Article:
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Voters must invest in environmental efforts

Published Aug. 31, 2005

In Pasco's vast field of unmet public needs, environmental preservation is overlooked easily.

Understandably so.

Educational needs are well documented. Buying sensitive land is likely way down the priority list for working parents whose soon-to-be high school freshmen will sit home unattended for three hours next school year because crowding has pushed back the start of their school day.

Other parents hauling younger kids to makeshift sports fields probably have their own ideas on needs. Ditto for motorists navigating congested roads or dodging potholes, for homeowners facing insurance coverage trouble because of the distance to the nearest fire station, and for neighborhoods staring at drainage troubles.

One political poll last summer revealed voters considered protecting the environment as the eighth most important issue facing Pasco County.

That's eight out of nine. The environment finished in Devil Ray territory _ ahead of "other," but behind "unsure."

Yet respondents in that same poll rated protecting Pasco's water supply as the top priority for county commissioners.

Confused? Don't be. The dichotomy is explainable. The environment becomes a top issue when homeowners can't irrigate their lawns more than once a week. But if it's not affecting them personally, voters want the county to tackle other quality-of-life issues.

That is one of the challenges facing eLAMP, the Environmental Land Acquisition and Management Program. The citizens group lobbying for preservation in Pasco County knows that education is key to the success of their effort.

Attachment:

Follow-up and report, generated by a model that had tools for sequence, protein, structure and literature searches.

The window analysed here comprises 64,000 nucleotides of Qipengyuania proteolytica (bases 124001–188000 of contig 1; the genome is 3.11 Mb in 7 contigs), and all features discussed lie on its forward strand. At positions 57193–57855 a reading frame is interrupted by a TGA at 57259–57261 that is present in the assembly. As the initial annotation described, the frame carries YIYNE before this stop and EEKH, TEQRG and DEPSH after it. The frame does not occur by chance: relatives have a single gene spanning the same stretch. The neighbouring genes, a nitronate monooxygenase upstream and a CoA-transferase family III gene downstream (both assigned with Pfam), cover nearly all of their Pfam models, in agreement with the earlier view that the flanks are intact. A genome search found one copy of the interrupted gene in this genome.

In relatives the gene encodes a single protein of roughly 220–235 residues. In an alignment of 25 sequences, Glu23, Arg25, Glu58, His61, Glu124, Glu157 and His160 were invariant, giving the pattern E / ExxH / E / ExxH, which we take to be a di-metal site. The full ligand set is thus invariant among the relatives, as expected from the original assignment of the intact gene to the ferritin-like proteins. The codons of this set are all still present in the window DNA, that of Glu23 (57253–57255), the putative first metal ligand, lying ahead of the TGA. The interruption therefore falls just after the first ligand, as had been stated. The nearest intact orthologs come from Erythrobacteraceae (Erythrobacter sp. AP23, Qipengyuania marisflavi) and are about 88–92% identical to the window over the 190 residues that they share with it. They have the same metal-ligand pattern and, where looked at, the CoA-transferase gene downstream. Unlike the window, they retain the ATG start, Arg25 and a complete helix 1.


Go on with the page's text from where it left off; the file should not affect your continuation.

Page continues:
You're worried about water? Make sure sensitive land in the recharge area isn't damaged.

Concerned about your own pocketbook? The program can help reduce flood insurance rates, the formula for which takes into consideration the amount of permanently preserved land in the 100-year flood plain.

Too ambitious for a local government? No. The county won't be doing this exclusively. It will stretch its resources by partnering with state agencies to acquire land.

Think the county can't afford the loss of additional property from the tax rolls? A fallacy. Preserving land boosts the value of neighboring acres because conservation areas are valuable selling points on the home-buying market. Developers are finding people would just as soon abut green space as an 18-hole golf course.

"People get conservation. They like it," said Sue Mullins, government relations manager for the Tallahassee-based Nature Conservancy. "You don't stop development. You direct it."

(Besides, only 15 percent of the county, or less than 75,000 acres, currently is controlled by the Southwest Florida Water Management District, which erroneously reported this week that it held 38 percent of the county. It was a mathematical error, not an overzealous boast.)

Mullins was one of the presenters at an eLAMP seminar this week that likely is the start of an 18-month effort to win voter approval for the land-buying program. Twenty-seven counties in Florida have a tax for conservation including Pasco's neighbors in Hillsborough and Hernando counties.

One of the presumed dilemmas is political competition. Schools need money. The county wants additional dollars for capital spending. A 1-cent increase in the sales tax could be on the same ballot as the eLAMP proposal, which now calls for a small property tax increase because such dollars also can be used to manage the acquired land. State law prohibits local-option sales tax dollars from being used for anything besides capital spending.

Avoid being part of a laundry list of government needs, Mullins urged, because the public will perceive it as a blank check for government spending.

Yet, with appropriate education, all can be successful. She pointed to Flagler County as the example where voters in September approved two separate half-cent increases in the sales tax for school construction and other needs and then returned in November to authorize a new property tax for land conservation.

Similarly progressive thinking would be welcome in Pasco.